Serve hot with a crostini, chopped chives or a dollop of creme fraiche.

Happy Cooking!  Tricia

Wednesday, June 6, 2012

Glen Ellen Star

Three time's a charm when you are looking to drop in on the hottest new dining spot in Glen Ellen. The Glen Ellen Star restaurant opened less than a month ago to much  excitement and anticipation.  It's located on the corner of Arnold Dr and Warm Springs, you can't miss it in this small town.  Just follow the line of people walking in that direction.  Star's cheerful maitre' d will be waiting to greet you when you arrive and a delicious menu and cozy atmosphere.  

My favorite thing about this restaurant is the beautifully situated wood burning oven and open kitchen.  It allows for a visually pleasing taste of all the hard work that goes into putting together dish after dish.  Each plate is lovingly attended to by owner and Chef Ari Weiswasser.  Ari and his wife, dynamo Erinn Benzinger-Weiswasser wanted to create a warm, rustic neighborhood restaurant and they hit the nail on the head with an inspired interior space and a modern rustic cottage feel.  This style of cottage is similar to a lot of cottages that you might find dotted all over the Glen Ellen area, only this one has been upgraded to show open high-beam ceilings, new rustic wood flooring and a touch of modern, with light weight aluminum chairs.  Even the bathroom is stunning!  Along with the delicious food, these ingredients add up to a wonderful dining experience.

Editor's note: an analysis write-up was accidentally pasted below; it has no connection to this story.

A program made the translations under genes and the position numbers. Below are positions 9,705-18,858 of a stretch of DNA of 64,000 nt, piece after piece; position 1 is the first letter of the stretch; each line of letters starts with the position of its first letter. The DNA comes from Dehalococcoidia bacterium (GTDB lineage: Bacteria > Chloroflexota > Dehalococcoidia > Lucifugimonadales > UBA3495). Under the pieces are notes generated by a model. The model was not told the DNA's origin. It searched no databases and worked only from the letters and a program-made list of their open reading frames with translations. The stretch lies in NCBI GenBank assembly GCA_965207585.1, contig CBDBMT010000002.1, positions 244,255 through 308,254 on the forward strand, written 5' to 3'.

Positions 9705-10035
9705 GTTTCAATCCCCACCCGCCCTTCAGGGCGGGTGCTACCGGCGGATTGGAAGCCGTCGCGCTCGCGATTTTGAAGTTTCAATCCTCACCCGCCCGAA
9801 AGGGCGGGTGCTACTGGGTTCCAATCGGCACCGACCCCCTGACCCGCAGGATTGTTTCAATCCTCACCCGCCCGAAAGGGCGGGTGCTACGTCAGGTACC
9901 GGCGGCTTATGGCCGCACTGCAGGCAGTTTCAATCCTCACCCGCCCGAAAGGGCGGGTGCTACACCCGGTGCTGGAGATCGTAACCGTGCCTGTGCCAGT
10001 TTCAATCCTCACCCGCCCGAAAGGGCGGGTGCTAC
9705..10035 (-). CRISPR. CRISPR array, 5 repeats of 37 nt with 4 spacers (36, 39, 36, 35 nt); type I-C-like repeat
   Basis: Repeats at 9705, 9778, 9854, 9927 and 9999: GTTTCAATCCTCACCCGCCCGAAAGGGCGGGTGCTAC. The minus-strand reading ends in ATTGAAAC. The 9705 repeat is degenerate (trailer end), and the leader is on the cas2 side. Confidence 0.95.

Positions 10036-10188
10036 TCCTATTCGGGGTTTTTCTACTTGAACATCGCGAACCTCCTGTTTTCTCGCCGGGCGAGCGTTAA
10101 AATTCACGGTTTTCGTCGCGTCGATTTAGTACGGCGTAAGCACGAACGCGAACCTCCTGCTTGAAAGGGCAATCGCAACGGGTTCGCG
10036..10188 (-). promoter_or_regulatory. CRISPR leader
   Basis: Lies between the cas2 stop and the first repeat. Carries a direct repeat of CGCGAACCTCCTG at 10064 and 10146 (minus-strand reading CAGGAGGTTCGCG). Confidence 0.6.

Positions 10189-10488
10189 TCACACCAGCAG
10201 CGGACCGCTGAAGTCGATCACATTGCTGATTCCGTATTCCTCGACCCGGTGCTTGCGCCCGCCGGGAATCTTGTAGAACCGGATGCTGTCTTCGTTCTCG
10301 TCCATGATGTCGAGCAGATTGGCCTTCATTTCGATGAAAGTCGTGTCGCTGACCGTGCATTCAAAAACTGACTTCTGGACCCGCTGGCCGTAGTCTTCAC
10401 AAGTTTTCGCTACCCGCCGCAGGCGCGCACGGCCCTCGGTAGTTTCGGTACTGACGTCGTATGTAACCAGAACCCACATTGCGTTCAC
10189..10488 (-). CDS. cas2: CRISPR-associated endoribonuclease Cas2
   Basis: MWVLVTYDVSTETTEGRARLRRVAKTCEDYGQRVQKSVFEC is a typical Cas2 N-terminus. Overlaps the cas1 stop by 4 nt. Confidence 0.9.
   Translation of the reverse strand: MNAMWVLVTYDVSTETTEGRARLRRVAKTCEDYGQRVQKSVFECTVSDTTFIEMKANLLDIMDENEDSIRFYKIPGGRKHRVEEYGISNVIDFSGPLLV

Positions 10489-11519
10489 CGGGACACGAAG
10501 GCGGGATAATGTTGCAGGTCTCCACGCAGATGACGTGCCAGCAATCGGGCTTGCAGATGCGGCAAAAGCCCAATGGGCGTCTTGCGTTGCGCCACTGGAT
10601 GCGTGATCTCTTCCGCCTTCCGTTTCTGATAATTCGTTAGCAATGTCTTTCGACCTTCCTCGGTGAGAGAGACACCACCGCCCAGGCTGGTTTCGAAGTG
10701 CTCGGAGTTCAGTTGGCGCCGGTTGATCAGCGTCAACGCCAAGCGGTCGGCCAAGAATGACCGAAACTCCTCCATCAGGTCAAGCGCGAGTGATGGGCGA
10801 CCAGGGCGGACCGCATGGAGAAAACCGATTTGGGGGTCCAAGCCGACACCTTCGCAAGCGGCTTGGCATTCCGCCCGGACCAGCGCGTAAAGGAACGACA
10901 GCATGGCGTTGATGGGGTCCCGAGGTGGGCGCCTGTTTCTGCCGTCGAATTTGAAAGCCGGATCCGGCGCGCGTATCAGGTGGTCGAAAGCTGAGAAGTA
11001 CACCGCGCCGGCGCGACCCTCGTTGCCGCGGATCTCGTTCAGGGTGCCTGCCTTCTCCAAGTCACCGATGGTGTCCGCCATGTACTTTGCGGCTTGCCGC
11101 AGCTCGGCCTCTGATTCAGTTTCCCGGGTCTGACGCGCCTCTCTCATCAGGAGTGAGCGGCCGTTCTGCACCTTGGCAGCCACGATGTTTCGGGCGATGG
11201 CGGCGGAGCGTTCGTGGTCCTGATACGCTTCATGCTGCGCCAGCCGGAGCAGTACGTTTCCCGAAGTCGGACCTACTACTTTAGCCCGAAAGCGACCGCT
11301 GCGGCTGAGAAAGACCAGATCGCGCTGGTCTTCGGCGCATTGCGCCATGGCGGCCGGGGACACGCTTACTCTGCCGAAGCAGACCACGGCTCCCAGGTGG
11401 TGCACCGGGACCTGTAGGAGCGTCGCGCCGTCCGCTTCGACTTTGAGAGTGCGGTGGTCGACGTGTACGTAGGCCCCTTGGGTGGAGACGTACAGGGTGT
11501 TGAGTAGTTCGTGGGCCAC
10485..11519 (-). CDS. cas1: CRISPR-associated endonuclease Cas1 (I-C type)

Last night, the sitting area around the open kitchen was filled with singles and couples all trying out the various menu choices.  I noticed two well-known local restauranteurs dining together, checking out their (friendly) competition and having fun in the process.   They were eating the delicious paella and lamb, (exquisite looking, by the way) with approving eyes and taste buds.  It was fun to see the wait staff dancing and whirling around them while keeping their wine glasses topped off.   My husband and I shared their special salad of grilled zucchini, zucchini blossoms, roasted potatoes, pickled tomato, and croutons with a couple of dollops of yogurt raita at $9.  Following the salad came a perfectly cooked Margherita pizza for $12.  A real deal!  With their wood-fired oven sizzling away in the background, you could taste it before it landed in front of you and into your mouth.  The crust just browned, tomato sauce, mozzarella and fresh basil is one of my favorite combinations.  What could be better for the arrival of summer?  Our main course was a delicious paella with perfectly cooked octopus and shrimp.  It was a little pricey at $25, but a perfect size for two, and worth every penny and bite!  We don't always order dessert, but who can resist homemade gelato for $5?  Salted peanut butter gelato anyone?  My husband was swooning, I thought he was going to fall off his chair. and if you can't finish it, that's fine, its served in a sweet 1/2 pint container with a lid for easy travelling.   Call ahead for a reservation or go online and check out their menu for take out.   Hours: Sunday-Thursday 5:30-9:00pm, Friday and Saturday 5:30-9:30pm  13648 Arnold Dr. Glen Ellen